U.K.-based startup Aquavus is developing a new technology that uses ultrasound to purify and desalinate seawater and clean contaminated water. The system uses powerful ultrasound to blast impure water into particles of less than 10 microns, which then evaporate and condense to form pure water.
A single Aquavus unit can purify around 800 gallons a day—enough to supply clean water for 150 people each day in regions in the Global South where people consume just over five gallons per day for drinking, cooking and bathing.
The company says the technology is still in the developmental stages, although its alpha prototype machine worked in lab conditions. Aquavus has launched an Indiegogo campaign to raise $300,000 to build three beta prototypes, followed by the final Industrial machines, which the company hopes will lead to licensing across the world.
The final products will likely be priced below $1,000 for the seawater unit and $500 for the artesian and surface water units, the company says.
In May, Dow’s FILMTEC™ ECO Reverse Osmosis (RO) Elements won the Bronze Edison Award in the Energy/Sustainability and Commercial Resource Management category. The judging committee recognized FILMTEC ECO Technology for its ability to significantly reduce the energy required to remove impurities from water. The technology includes one of the most advanced water-purification polymer chemistries available today. FILMTEC ECO Elements can help deliver up to 40 percent better water purification while using up to 30 percent less energy, resulting in up to 19 percent lower operating costs.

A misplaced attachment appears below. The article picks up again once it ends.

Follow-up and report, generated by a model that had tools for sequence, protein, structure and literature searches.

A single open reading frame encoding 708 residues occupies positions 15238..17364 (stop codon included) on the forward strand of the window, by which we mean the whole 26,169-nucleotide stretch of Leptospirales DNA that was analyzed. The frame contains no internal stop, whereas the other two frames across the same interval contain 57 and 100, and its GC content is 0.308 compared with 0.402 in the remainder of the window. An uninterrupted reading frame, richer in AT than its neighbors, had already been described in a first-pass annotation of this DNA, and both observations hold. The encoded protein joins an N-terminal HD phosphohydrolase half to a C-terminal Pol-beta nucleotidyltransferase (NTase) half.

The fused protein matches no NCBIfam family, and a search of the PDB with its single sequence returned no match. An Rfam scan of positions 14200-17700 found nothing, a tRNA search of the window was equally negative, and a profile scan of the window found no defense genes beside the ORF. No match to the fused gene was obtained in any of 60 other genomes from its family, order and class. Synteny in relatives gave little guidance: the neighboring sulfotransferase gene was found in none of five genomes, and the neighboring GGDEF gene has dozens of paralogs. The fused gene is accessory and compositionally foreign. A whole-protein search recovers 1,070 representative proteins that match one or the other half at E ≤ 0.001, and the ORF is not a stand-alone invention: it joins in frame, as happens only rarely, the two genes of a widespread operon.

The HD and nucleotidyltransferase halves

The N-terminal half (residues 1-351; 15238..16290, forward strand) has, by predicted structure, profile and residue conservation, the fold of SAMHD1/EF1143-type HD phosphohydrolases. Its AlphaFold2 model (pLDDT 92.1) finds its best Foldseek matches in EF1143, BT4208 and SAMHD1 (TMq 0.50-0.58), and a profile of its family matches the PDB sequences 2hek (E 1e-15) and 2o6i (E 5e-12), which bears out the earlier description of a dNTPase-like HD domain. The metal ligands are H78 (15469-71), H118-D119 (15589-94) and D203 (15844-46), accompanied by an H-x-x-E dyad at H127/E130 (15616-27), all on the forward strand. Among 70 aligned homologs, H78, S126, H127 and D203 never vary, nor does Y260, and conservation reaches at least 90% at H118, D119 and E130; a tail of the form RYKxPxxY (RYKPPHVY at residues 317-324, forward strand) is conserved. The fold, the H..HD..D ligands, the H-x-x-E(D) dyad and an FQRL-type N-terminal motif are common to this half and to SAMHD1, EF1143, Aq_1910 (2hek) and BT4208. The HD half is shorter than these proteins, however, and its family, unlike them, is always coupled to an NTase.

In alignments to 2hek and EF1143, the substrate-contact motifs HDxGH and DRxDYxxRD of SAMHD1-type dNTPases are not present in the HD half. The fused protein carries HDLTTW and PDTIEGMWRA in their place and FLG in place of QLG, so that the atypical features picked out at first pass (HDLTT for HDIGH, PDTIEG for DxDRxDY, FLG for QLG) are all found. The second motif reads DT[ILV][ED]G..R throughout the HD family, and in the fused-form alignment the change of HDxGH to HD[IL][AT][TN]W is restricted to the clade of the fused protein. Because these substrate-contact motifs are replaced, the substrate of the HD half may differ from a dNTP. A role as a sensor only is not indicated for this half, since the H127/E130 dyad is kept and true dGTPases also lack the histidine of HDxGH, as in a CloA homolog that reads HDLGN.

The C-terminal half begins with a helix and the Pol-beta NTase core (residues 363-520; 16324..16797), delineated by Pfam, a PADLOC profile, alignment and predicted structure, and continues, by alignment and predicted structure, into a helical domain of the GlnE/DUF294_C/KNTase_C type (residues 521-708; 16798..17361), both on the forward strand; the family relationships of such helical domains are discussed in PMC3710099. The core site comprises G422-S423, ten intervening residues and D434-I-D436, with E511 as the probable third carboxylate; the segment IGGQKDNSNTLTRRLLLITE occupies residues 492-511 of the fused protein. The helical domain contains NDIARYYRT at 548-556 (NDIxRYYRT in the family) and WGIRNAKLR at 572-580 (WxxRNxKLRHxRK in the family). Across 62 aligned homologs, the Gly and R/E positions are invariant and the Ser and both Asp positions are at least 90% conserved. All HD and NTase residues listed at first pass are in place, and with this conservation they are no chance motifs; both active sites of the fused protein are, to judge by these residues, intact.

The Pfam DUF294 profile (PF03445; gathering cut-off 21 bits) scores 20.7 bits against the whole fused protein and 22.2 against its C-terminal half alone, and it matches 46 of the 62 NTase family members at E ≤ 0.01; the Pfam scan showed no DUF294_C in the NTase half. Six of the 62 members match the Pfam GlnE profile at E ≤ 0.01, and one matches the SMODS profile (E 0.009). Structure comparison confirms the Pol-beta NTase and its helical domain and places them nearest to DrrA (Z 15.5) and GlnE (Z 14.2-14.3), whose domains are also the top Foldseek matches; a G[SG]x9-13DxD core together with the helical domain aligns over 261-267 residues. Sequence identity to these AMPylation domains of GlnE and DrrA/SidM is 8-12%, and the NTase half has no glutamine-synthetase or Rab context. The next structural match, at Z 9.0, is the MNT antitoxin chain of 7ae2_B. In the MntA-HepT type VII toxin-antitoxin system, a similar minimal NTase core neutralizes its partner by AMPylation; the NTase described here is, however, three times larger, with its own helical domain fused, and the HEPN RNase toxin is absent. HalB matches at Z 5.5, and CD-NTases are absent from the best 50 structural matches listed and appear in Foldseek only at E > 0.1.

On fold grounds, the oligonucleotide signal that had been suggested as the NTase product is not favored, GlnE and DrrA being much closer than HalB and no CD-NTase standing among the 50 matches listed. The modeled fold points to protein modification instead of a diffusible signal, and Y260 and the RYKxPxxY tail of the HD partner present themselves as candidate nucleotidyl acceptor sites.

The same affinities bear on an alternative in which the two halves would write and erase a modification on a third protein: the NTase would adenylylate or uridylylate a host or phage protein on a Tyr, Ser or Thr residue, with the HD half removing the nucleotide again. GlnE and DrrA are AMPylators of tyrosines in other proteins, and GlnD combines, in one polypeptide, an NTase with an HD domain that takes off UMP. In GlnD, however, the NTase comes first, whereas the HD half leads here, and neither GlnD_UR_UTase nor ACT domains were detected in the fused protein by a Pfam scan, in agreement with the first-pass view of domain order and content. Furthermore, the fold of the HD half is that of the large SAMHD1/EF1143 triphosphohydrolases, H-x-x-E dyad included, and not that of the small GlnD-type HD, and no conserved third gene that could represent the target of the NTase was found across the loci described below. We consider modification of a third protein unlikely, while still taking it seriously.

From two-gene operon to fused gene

Earlier this year, the Coca-Cola Company and WaterHealth International (WHI) announced a plan to bring safe drinking water to one million school children in 2,000 schools in countries in the Global South by the end of 2015. The Child With Water (CWW) program aims to deliver 500 million liters of safe drinking water a year to school children through water-purification systems installed, operated and maintained by WHI. Currently operating more than 500 plants in five countries, WHI provides safe drinking water access to about 5 million people.
Source: Mike Hower